NEW YORK -- Police are investigating after someone replaced two American flags on the Brooklyn Bridge with what appeared to be whitewashed or faded versions of Old Glory, CBS New York reported.
The white flags - international symbols of surrender - fluttered Tuesday from poles on the stone supports that hold cables above the bridge connecting Brooklyn and Manhattan.
New York police Deputy Commissioner of Intelligence John Miller said police do not believe the incident was connected to any terror threat.
American flags fly from above the pillars year-round and are replaced by Department of Transportation workers when they become frayed, police said. They are lit from the bottom by a lamp at the base of each tower at night.
Miller said that as of around 8:30 p.m. Monday, the American flags were still flying on the Brooklyn and Manhattan towers of the bridge. But around 5:30 a.m. Tuesday, construction workers noticed the white flags had taken their place.
Surveillance video revealed that around 3:10 a.m., several people were seen crossing the bridge - four or five of them in a group. Several minutes later, the light that normally illuminates the American flag on the Brooklyn side of the bridge flickered and went out, Miller said.
About 12 minutes after that, the light on the Manhattan side of the bridge also went out, he said.
When members of the Emergency Service Unit went to the top of the bridge later in the morning to document the scene, they found two 20-foot by 11-foot flags on each tower, which appeared to be American flags with stars and stripes that had been bleached white.
Police also found large aluminum pans that had been affixed with zip-ties to cover up the lights that normally illuminate the flags.
The Emergency Services officers took down the rogue flags. Crowds gathered on the bridge and nearby sidewalks to watch as the officers climbed the cables to take them down from the towers.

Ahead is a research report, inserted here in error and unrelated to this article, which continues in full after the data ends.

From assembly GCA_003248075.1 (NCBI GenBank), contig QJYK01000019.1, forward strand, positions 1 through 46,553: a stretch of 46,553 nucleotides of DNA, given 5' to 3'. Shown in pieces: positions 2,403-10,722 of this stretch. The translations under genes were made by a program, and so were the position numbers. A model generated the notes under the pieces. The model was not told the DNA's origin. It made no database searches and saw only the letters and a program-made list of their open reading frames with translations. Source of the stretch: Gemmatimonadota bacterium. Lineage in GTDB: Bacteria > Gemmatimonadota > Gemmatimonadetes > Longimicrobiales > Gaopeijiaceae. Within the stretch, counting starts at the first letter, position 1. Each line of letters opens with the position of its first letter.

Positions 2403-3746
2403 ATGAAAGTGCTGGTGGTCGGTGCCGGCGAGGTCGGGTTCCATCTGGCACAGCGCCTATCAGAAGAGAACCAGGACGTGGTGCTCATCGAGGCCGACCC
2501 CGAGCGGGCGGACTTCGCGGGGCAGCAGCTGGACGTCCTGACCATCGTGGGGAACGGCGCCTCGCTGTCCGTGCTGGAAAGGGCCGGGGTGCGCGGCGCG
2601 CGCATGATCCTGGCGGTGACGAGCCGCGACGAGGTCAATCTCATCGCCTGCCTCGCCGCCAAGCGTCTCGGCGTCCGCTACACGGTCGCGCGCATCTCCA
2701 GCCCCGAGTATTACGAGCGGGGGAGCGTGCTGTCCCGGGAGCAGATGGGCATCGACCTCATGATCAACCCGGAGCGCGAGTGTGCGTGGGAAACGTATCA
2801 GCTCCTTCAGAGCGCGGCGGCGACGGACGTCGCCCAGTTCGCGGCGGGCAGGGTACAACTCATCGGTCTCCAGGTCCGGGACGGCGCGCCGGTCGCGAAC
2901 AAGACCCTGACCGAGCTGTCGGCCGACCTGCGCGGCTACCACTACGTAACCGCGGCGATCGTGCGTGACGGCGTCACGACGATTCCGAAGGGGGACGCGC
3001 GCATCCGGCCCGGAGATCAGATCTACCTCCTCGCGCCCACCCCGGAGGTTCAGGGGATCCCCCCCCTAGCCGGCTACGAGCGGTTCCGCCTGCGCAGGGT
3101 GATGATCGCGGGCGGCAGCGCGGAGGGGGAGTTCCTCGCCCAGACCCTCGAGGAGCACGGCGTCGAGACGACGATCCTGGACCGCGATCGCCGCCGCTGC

Miller said the flag replacement operation appears to have been pre-planned, since someone had to compromise a locked gate and know the size of the pan needed to cover the light.
He said someone with experience climbing in construction or bridge work also may have been involved, and the culprit may have scaled the bridge before.
Miller said police do not believe the white flags were intended to be a threat.
"It appears to have no particular connections to terrorism or even to politics," Miller said. "This may be somebody's art project or even a statement."
But police Commissioner Bill Bratton said the matter was serious nonetheless.
"Needless to say, no matter what the motive was, it is an issue of concern," Bratton said. "I'm not happy about it."
Miller emphasized that the white flag placement was not funny, and was not acceptable.
"We don't take these things lightly, or as a joke, or as art, or within the realm of speech," Miller said. "These are issues of trespass. They put themselves in danger. They put others in danger."
Miller said there has been no credible claim of responsibility and no indication of a message to be communicated with the white flags - whether one of patriotism or one of protest.
Whoever placed the white flags, once apprehended, will likely be charged with criminal trespass, malicious mischief and reckless endangerment, Miller said.
The Brooklyn Bridge is one of the most heavily secured landmarks in the city, constantly monitored by surveillance cameras.
More than 120,000 vehicles, 4,000 pedestrians and 3,100 bicyclists cross the bridge every day, according to the city's Department of Transportation, which maintains the span.